Registered Nurse, Labor & Delivery
I am proud to say that I have found my passion in life. I have been a labor and delivery nurse for six years. If it wasn’t for obstetrical nursing I couldn’t be a nurse. The path the labor room has taken me over years has been wild.
I can remember my first day as a nurse. My nerves got the best of me and I became unsure of myself. That was all put aside the first time I heard the cry of a newborn that I helped deliver. To see the look of the mother and father holding their newborn child made me realize that I was exactly where I needed to be.
While labor and delivery brings mostly joy and happiness, I cannot say that every one of my shifts have looked the same. Sadly in this type of nursing, there is also tragedy. Losing a pre term or a full term newborn is a sad part of life and the worst part of my job. Helping mothers push their way to a lifeless child are the days that never escape my memory. I can still hear the cries of families that have lost a baby. It is something no one should ever have to go through. The sudden loss of a child that was loved deeply and never had an opportunity to grow. It’s difficult not to feel everything the family does.
The nurses I work with have become more than coworkers. They are family. Family has its good times and its struggles. We’ve stood by each other’s sides through thick and thin, and at the end of the day we have each other. I had the opportunity to see my coworkers from a different angle when I delivered my youngest child in my unit. It has made me grow to love them even more. I knew they were wonderful as I worked aside them, but being a patient with them by my side during the entire birthing process was different. They cheered me on, crying tears of joy as my youngest son came into the world. I have been lucky enough to deliver family, friends and numerous other laboring patients who I was able to become close with. One thing I can say is I give one hundred percent of myself every shift. Even if I leave late (which my co-workers always make fun of me for), each shift is a reminder of how important you are as a nurse. Especially now, in times of COVID-19.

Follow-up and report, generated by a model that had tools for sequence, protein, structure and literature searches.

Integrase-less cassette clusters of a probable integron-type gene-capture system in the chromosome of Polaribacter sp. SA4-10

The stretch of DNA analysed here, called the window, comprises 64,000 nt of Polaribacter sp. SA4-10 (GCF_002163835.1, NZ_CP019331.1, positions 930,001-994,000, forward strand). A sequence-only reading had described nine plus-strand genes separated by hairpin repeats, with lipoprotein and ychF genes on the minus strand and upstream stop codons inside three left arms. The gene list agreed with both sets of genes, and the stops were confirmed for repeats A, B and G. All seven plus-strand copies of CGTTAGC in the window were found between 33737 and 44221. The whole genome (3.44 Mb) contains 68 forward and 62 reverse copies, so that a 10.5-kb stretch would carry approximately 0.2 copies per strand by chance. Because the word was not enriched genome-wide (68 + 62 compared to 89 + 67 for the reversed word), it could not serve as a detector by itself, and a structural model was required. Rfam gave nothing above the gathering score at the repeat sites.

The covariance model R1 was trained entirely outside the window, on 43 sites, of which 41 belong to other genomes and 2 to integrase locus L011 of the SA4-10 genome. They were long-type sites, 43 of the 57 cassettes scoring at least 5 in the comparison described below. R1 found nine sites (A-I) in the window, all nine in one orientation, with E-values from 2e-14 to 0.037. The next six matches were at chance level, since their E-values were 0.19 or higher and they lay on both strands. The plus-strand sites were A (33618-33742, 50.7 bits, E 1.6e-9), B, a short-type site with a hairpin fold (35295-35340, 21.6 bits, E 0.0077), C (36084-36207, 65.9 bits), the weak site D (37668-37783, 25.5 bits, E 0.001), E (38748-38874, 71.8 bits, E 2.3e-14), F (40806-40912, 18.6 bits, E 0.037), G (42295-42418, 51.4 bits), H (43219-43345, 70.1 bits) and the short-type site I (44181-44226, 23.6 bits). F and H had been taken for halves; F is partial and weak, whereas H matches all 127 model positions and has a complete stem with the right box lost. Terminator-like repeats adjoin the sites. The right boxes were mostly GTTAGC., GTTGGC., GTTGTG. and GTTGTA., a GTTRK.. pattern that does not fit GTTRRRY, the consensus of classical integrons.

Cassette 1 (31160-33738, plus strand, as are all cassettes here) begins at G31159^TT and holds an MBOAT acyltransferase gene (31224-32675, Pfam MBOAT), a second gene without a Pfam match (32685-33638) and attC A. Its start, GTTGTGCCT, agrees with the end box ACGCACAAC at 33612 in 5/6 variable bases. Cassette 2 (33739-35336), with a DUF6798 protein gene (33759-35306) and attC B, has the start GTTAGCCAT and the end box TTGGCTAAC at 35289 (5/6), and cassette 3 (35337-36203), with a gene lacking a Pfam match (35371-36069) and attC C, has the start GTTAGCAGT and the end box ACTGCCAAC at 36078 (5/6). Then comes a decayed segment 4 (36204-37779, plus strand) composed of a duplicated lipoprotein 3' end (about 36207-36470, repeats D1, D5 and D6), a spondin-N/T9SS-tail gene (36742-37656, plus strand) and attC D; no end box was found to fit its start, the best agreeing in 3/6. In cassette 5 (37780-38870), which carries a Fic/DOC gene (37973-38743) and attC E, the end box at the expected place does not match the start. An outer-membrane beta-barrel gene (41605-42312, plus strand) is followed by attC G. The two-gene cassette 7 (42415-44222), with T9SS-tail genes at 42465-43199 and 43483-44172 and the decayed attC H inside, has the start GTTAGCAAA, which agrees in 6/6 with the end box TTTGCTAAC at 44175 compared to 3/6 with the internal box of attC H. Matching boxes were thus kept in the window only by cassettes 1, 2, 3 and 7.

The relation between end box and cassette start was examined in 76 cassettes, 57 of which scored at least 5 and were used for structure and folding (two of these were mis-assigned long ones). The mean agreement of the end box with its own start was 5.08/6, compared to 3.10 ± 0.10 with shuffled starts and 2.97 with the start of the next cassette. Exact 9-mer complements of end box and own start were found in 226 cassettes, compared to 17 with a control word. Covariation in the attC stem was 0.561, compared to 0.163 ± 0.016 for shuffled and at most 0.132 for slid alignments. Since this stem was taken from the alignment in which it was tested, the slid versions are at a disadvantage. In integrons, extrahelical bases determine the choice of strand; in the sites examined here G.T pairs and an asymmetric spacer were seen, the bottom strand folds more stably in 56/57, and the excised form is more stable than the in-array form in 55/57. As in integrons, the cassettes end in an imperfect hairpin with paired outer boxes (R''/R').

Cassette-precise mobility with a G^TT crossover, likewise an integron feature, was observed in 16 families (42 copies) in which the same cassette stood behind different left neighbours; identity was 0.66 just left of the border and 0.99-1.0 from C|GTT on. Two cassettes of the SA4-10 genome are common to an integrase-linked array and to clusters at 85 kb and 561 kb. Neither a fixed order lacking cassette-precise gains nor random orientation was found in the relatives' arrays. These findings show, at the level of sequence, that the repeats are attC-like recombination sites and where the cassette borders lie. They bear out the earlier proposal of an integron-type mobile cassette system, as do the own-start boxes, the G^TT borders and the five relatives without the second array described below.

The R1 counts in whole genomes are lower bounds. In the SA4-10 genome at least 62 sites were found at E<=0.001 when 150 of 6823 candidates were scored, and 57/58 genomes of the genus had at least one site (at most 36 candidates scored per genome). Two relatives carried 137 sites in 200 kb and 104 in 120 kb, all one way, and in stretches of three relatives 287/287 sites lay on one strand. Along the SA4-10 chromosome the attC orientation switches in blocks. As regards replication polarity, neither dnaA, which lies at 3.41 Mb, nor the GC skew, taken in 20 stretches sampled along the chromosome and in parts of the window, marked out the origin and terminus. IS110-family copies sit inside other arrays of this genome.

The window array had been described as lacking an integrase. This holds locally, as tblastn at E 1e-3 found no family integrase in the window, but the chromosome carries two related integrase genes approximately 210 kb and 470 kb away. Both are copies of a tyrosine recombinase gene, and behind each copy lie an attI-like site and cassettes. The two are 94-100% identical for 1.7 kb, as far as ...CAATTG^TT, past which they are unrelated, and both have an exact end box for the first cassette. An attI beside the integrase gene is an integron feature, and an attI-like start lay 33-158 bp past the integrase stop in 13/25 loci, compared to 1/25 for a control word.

The fear of the unknown in the beginning made it terrifying to go into work. A mother laboring alone is the heart breaking truth we are seeing right now. A father who flew across the country to see the birth of his child only to be denied entry into the unit. The potential of the newborn testing positive for COVID-19. Wearing full PPE just to take vitals. Our nurses have stuck together through this trying time and we have grown. Healthcare is changing rapidly every day. Our lives are changing every day. Sometimes what we think will be a text book delivery changes abruptly & other times a horrific event turns out okay. No matter the story, we as healthcare workers can give compassionate care. That is my mission.